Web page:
In these uncertain times for music workers everywhere, I have been busy creating two pieces for protagonists of the new music scene here in Western Australia. Tura New Music have kindly commissioned me a video piece as part of their ‘No Borders‘ project. Also I’m very honoured that my friends of Decibel New Music have commissioned me a miniature for their ‘2 Minutes from Home‘ series.
Ever since I made Boorloo (Perth) my home back in 2015, I’ve regularly attended the concerts that Tura organises, which are essential part of WA’s music scene. I’ve also collaborated professionally in some of Tura’s events as a performer, conducting pieces by Giacinto Scelsi and Roger Smalley at their ‘Scale Variable‘ concert series, and as coordinator and convenor of the 2017 Totally Huge New Music Festival’s Conference.
The work I’m currently creating for Tura is titled ‘Chronotope-Situation No.1’, and is an audio-visual piece made of sounds and images from my immediate domestic environment. It is a sort of reflection on what I have found here, in this place I now call ‘home’, what I’ve brought with me as an immigrant, and the negotiation between the two that constitutes my daily life. This work is planned to go live (online) in the coming weeks.
Decibel are unquestionably the foremost new music ensemble in Western Australia. They have a unique approach to music notation based on mobile graphic scores, implemented through their tablet app especially developed for this purpose. With them I have collaborated in a number of projects over the years, most notably conducting their Australian premiere of Roger Smalley’s ‘Zeitebenen‘ in 2016, and having been commissioned to write a full piece for their ‘Electronic Concerto‘ concert in 2017. The result of the latter was my ‘Intersperso-Ultradiano‘ for solo electric bass and ensemble, which Decibel premiered with their leader, Cat Hope, in the solo role at the Perth Institute of Contemporary Arts that year. You can still listen a recording of that concert on ABC New Waves.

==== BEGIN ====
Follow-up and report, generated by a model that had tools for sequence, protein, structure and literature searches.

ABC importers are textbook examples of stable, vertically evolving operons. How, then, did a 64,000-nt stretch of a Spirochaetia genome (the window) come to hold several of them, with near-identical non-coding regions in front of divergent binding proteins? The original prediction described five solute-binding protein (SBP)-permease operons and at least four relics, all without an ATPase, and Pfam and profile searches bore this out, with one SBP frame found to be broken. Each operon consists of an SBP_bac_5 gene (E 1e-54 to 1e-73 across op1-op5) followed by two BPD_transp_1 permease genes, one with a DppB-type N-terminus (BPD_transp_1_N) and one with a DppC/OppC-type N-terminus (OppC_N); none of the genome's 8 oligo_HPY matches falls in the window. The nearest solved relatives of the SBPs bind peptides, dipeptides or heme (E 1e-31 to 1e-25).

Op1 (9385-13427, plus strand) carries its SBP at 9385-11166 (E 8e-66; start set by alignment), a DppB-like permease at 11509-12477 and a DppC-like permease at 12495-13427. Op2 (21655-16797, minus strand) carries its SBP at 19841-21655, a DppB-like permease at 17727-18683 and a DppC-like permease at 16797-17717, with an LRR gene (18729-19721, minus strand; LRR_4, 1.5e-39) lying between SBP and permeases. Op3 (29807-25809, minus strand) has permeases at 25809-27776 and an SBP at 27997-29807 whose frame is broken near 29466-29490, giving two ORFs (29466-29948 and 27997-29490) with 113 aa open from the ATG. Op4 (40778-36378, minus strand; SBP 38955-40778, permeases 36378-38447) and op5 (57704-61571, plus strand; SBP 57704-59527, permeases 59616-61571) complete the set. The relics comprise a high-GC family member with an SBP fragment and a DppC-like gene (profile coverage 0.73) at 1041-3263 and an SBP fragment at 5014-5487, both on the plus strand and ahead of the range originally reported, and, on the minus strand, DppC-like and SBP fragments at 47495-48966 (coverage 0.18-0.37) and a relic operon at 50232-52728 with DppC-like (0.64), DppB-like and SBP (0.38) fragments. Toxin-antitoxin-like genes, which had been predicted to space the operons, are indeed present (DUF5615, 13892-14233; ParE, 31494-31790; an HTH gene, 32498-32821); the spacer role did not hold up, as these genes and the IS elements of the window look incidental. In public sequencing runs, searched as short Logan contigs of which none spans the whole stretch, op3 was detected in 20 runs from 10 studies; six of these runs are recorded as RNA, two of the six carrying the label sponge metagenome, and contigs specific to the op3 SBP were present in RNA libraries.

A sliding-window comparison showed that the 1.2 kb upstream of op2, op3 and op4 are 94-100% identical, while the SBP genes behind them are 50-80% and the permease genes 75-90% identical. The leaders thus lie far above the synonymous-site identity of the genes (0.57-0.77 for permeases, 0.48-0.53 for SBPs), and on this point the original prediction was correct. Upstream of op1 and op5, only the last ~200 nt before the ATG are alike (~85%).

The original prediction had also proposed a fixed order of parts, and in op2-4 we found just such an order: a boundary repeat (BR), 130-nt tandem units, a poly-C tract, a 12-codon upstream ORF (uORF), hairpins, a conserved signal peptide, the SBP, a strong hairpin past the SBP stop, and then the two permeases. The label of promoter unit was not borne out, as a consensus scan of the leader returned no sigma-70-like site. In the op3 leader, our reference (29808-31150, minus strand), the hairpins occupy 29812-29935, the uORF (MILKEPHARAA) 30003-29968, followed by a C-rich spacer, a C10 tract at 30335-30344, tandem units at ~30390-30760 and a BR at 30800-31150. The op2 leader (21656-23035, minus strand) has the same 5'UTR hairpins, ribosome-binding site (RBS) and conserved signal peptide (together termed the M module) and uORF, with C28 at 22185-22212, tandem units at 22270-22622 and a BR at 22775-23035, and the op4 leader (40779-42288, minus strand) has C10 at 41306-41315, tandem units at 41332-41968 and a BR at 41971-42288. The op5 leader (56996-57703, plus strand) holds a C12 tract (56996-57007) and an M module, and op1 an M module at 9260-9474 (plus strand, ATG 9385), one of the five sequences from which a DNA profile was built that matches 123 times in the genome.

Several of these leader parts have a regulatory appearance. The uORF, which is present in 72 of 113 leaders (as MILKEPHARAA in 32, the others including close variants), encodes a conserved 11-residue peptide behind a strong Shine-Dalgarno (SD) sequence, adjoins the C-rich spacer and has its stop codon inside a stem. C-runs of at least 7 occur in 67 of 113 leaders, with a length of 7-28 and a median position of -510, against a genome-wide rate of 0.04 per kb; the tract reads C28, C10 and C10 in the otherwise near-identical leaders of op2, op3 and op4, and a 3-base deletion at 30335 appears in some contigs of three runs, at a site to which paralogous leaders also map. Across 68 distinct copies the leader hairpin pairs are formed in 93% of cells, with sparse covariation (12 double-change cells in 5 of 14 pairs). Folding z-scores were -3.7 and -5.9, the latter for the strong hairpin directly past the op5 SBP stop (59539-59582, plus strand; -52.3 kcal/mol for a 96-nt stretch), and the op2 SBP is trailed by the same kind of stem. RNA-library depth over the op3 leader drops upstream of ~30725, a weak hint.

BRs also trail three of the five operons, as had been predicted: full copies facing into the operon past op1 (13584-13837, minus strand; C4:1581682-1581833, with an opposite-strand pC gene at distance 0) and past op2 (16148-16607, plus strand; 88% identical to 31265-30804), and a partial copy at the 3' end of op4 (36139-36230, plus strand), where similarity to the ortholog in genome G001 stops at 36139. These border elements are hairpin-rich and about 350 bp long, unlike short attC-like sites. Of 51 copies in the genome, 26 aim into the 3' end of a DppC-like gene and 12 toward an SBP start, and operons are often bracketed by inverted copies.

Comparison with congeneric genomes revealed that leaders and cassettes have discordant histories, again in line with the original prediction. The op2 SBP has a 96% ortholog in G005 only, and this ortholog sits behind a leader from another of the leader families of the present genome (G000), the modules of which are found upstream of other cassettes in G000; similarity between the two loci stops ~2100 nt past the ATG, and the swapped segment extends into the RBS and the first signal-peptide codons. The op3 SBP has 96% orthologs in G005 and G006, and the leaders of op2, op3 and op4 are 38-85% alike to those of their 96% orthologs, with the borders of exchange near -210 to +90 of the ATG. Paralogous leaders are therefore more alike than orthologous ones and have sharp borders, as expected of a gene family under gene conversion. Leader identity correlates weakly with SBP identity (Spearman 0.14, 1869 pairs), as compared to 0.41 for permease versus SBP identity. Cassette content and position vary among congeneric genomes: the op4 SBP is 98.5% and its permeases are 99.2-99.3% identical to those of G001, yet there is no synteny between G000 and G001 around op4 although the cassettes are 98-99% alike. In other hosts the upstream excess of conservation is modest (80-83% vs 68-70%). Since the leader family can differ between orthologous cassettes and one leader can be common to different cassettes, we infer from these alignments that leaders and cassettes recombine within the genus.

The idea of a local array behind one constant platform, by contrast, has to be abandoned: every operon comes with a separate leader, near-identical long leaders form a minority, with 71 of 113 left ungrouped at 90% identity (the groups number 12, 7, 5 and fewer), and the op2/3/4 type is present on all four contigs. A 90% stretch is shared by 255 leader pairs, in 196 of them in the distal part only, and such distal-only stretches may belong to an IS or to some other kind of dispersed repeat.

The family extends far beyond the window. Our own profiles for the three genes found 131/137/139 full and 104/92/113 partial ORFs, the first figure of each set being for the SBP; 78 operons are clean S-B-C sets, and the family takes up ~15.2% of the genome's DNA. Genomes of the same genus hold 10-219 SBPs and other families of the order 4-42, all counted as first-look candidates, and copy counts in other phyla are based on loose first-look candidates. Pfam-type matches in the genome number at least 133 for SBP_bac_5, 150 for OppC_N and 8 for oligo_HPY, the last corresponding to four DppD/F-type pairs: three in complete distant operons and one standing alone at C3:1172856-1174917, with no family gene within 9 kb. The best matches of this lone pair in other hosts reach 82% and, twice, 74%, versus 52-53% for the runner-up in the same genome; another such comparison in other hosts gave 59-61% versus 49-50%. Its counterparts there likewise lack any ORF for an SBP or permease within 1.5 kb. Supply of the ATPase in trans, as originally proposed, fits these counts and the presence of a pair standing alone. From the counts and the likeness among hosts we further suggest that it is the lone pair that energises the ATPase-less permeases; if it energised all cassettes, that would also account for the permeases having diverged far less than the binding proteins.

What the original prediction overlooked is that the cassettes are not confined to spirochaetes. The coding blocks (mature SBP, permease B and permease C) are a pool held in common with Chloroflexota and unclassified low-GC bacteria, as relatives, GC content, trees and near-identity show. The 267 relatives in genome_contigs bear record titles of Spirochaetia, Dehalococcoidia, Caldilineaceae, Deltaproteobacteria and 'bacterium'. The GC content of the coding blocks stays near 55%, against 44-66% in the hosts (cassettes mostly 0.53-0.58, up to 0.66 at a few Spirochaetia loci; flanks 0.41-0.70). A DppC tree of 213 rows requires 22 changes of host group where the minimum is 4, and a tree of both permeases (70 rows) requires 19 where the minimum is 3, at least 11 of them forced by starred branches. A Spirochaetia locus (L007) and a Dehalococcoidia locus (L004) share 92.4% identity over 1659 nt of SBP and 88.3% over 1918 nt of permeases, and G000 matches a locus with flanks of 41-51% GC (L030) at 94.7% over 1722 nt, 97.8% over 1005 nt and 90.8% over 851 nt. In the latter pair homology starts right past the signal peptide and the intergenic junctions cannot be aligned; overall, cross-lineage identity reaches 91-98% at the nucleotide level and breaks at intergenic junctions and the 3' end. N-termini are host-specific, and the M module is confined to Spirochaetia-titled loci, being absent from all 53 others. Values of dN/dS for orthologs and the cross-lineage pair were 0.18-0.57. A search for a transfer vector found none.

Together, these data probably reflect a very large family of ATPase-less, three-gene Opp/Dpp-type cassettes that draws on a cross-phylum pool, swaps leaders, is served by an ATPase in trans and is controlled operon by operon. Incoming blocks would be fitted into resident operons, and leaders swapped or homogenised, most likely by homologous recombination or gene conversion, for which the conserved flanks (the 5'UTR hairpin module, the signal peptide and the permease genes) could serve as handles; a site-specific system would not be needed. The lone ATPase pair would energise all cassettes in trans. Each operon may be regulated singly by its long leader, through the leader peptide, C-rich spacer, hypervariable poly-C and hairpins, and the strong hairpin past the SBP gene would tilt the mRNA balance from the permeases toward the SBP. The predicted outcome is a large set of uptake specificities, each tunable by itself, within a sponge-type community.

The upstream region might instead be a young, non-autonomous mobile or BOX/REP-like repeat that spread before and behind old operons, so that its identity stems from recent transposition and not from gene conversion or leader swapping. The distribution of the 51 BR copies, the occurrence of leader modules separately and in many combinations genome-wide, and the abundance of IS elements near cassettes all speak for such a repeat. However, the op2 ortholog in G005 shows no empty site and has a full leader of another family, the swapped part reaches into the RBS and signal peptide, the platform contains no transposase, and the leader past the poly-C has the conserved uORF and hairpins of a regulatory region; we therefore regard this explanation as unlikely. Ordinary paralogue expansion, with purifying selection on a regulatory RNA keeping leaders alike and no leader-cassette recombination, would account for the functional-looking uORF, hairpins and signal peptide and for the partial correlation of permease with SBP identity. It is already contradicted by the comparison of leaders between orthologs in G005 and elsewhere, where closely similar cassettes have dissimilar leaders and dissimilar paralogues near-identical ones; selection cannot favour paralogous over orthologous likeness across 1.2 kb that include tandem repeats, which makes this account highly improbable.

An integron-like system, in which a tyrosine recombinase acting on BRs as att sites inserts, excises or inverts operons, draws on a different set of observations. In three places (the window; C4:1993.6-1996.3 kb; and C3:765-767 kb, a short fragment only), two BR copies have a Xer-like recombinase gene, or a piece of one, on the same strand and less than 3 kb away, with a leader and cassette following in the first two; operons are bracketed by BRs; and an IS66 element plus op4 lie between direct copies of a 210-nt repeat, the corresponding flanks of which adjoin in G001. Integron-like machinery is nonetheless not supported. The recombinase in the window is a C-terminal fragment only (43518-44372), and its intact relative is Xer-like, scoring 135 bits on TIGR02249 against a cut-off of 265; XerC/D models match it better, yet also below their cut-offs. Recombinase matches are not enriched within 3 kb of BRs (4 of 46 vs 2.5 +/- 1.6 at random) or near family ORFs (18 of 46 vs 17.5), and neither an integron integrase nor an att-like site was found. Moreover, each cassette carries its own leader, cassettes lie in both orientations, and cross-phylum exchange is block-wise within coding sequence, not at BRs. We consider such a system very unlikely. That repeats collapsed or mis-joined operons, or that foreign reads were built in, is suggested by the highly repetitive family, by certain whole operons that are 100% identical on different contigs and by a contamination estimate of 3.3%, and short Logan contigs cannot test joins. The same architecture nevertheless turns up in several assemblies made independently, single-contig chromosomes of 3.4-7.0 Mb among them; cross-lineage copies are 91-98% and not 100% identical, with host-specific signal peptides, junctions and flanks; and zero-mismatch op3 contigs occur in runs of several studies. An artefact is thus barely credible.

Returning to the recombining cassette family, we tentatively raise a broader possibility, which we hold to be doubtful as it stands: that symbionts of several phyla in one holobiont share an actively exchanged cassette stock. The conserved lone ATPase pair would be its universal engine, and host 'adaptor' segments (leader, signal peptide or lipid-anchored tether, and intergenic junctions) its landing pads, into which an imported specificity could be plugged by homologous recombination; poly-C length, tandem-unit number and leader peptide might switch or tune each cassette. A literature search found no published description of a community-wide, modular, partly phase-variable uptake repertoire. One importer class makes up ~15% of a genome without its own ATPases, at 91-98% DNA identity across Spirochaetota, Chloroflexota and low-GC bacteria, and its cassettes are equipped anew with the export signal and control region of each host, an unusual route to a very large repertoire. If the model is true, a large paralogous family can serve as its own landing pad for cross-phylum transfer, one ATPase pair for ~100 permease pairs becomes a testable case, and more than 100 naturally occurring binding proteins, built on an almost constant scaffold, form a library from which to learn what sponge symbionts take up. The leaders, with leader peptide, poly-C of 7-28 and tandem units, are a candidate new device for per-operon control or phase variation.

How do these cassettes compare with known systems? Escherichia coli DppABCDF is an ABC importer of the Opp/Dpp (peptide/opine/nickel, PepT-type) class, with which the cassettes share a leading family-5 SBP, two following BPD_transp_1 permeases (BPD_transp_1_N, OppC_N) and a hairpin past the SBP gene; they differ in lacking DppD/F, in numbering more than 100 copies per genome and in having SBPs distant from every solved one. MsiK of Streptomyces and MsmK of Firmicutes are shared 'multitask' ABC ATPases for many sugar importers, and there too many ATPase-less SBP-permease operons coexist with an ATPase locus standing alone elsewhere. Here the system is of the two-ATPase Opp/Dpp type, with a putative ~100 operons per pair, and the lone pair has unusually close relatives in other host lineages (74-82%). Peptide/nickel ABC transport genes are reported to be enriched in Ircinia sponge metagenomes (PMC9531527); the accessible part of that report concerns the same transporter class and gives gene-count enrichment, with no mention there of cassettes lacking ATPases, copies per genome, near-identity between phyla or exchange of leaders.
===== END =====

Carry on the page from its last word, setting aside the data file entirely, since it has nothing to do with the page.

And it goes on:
For a long time I have been dreaming of writing a substantial piece for Decibel’s percussion marvel Louise Devenish. The piece I’m currently writing, a miniature for percussion and electronics titled ‘Chronotope-Situation No.2’, is a first exploration in that direction. In the electronics part, I am experimenting with engaging my circle of friends in a sort of ‘crowd-sourcing’ of sound material. I’ve asked friends on social media to take a couple of minutes contributing noises made with kitchenware, following some specific instructions. These have been sent to me as ‘voice-clip’ messages, fully embracing the idiosyncratic ‘lo-fi’ aesthetics of our hyperconnected times. This relates to the recent social revolt that has taken place in Chile, which includes regular ‘cacerolazos’ or collective beating of empty pans as a form of noise protest. I experienced these in my childhood, when the Chilean people protested Pinochet’s regime; being far away now, I’ve only witnessed the current ones through messages from family and friends over there, and on social media.
This piece will be premiered (online) in September, but meanwhile you can listen and watch some of the other contributions to that project by amazing colleagues such as Louise herself, Dan Thorpe, and many more to come, here.
*Update, October 2020: The premiere of ‘Chronotope-Situation No.2’ has sadly had to be postponed due to the second wave of Coronavirus that hit Melbourne lately, which interfered with the logistics of instrument availability and recording. Meanwhile the fine folks of Tone List, another big force in the Western Australian experimental music scene, have kindly commissioned ‘Chronotope-Situation No.3’ which will premiere in the next few months.